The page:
11 January 2022

Murrumbateman Vineyards take stock of damage after freak hail storm

| Lucy Ridge
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Withered grapevine

Damaged grapevines will leave many Murrumbateman wineries without a crop this season. Photo: Supplied.

The hail storm that passed over Canberra last week (4 January), wreaked havoc in Belconnen and left thousands of households without power. But as it left the suburbs and travelled north, the storm continued to cause damage, which will have long-lasting effects on some vineyards in the Murrumbateman region.

Sarah Collingwood from Four Winds Vineyard says the storm lasted only five or 10 minutes, but the wind and hailstones hit with incredible force.

“[The storm] just defoliated the vineyard and bruised and damaged the fruit,” she told Region Media.

“It’s amazing that so much damage can be done in such a short period of time.”

It looks like more than 80 per cent of the crop was damaged in the initial storm and Ms Collingwood explained that the loss of leaves means the vines won’t be able to ripen the remaining fruit.

“It’s not looking good for a crop this year, unfortunately.”

Man in garden

Poacher’s Pantry property and wine manager William Bruce had a big clean up job after the storm. Photo: Poachers Pantry.

William Bruce’s family-run Poacher’s Pantry, a winery, restaurant and smokehouse in Murrumbateman, was also severely damaged, and there was a sense of urgency to the cleanup efforts. Staff worked through the day to make the grounds accessible for an event that was due to go ahead 24 hours after the storm had passed.

“We got the restaurant cleaned up, the car park, and then we had a local earth working company who came in and cleared the road, and we got the place open,” Mr Bruce says.

But there’s not much that can be done about this year’s harvest.

“There’ll be no fruit at all for 2022. And it’s all now just about mothering the vines and supporting them to get a decent crop next year.”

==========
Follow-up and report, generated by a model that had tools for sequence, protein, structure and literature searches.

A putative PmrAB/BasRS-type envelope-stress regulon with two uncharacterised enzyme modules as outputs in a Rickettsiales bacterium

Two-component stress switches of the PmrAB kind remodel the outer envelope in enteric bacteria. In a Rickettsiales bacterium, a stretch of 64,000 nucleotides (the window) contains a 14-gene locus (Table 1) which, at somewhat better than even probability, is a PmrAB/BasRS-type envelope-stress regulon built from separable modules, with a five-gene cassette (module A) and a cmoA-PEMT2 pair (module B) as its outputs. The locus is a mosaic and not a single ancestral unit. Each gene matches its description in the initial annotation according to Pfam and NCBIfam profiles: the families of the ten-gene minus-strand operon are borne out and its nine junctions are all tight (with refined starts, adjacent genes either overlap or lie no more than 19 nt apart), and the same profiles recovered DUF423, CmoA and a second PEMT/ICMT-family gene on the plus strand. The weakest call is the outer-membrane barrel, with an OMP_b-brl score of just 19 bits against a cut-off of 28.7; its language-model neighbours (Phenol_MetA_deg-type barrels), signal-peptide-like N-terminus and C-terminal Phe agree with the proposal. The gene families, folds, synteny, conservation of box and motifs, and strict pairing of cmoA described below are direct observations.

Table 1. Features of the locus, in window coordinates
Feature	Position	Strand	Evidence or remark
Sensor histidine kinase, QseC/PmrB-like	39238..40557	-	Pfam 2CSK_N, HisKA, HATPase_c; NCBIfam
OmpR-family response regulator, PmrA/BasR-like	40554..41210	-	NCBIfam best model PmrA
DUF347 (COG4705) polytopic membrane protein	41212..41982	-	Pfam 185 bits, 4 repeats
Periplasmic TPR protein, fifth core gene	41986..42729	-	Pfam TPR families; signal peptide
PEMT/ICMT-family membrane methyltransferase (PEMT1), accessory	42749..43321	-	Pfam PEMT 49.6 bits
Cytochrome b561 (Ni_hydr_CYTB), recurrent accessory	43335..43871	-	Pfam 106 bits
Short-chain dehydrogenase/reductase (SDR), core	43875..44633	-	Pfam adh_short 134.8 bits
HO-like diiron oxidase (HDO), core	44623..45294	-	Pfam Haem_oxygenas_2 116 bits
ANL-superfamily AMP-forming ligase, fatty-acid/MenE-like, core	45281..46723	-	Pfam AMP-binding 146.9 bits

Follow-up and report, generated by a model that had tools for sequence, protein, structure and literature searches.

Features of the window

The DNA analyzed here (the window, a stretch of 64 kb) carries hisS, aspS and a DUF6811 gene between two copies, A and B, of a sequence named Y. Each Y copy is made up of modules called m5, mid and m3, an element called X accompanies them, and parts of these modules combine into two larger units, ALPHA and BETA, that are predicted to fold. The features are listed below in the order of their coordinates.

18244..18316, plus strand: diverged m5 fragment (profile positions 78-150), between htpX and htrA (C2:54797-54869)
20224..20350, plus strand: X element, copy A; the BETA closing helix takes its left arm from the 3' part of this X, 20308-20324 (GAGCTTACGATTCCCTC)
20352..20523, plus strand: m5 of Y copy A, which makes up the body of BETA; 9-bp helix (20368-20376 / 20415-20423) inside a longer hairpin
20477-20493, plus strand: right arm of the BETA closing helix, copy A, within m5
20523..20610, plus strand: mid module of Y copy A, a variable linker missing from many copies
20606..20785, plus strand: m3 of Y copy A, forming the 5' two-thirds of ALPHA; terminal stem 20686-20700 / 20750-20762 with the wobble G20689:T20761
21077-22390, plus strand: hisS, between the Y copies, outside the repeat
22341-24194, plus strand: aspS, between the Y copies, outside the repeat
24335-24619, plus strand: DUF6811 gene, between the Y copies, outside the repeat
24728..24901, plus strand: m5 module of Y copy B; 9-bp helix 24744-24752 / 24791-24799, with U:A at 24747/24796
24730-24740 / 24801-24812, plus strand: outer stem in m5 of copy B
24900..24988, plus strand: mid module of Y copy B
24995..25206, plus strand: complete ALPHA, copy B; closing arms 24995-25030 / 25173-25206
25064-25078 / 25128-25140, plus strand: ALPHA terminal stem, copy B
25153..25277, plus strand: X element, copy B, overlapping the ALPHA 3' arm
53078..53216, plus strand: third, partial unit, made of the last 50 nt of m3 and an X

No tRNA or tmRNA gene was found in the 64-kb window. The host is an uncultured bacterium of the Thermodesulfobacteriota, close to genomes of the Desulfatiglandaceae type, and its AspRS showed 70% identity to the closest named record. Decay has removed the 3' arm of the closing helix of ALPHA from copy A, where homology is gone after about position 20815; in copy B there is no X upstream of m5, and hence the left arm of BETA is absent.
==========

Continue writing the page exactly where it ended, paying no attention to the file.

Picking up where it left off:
Mr Bruce was particularly disappointed about the damage done to six hectares of younger vines which were due to produce their first vintage this year. While more established vines will bounce back for next year, these green trunks will take a few more years to recover.

Man inspecting grapevine

Michael O’Dea from Dionysus Winery inspecting the damage done to the vines. Photo: Supplied.

Wendy and Michael O’Dea from Dionysus Winery were interstate when the storm hit and returned to find their crop had been destroyed.

“We got home [Wednesday] afternoon and went for a walk around the vineyard and found we’ve lost every single berry. A 100 per cent loss. It looks like a cyclone’s been through it,” Ms O’Dea told Region Media.

As well as damaging the grapes, the storm also destroyed many of the plants in their newly built sculpture garden.

Damaged grapevines

Defoliated grapevines at Dionysus Winery. Photo: Supplied.

It’s a tough loss for local vineyards after the 2020 bushfires damaged grapes with smoke taint. Growers were forced to abandon their crop that year and purchase grapes from vineyards outside the smoke-affected area. It looks like the vineyards who lost their crop this year will likely have to do this again, although all were optimistic that the narrow path of the storm left many vineyards in the area untouched. Some of their neighbours will still be looking at producing a bumper crop.

“The season was looking good and I think the vineyards that do get grapes off this year will be really good,” Ms Collingwood says.

“All the rain has really recharged the ground … the region is looking totally lovely, but [it is] just a tough season at Four Winds.”

Sarah Collingwood profile shot

Sarah Collingwood from Four Winds Vineyard was shocked at how quickly the storm destroyed their grapes. Photo: Four Winds Vineyard.

Mr Bruce reminded Canberrans to support local wineries and businesses by buying local wine at bottle shops and restaurants, and visiting wineries in the area.

Ms O’Dea was philosophical about the experience saying that COVID-19 had “given perspective”, and despite their losses, they still felt very fortunate. With the help of friends and family, she and her husband were heading into the vines to clean up the mess and look to the future.

“That’s the biggest priority, just to get out in the vineyard and look after it for next year.”

Original Article published by Lucy Ridge on Riotact.

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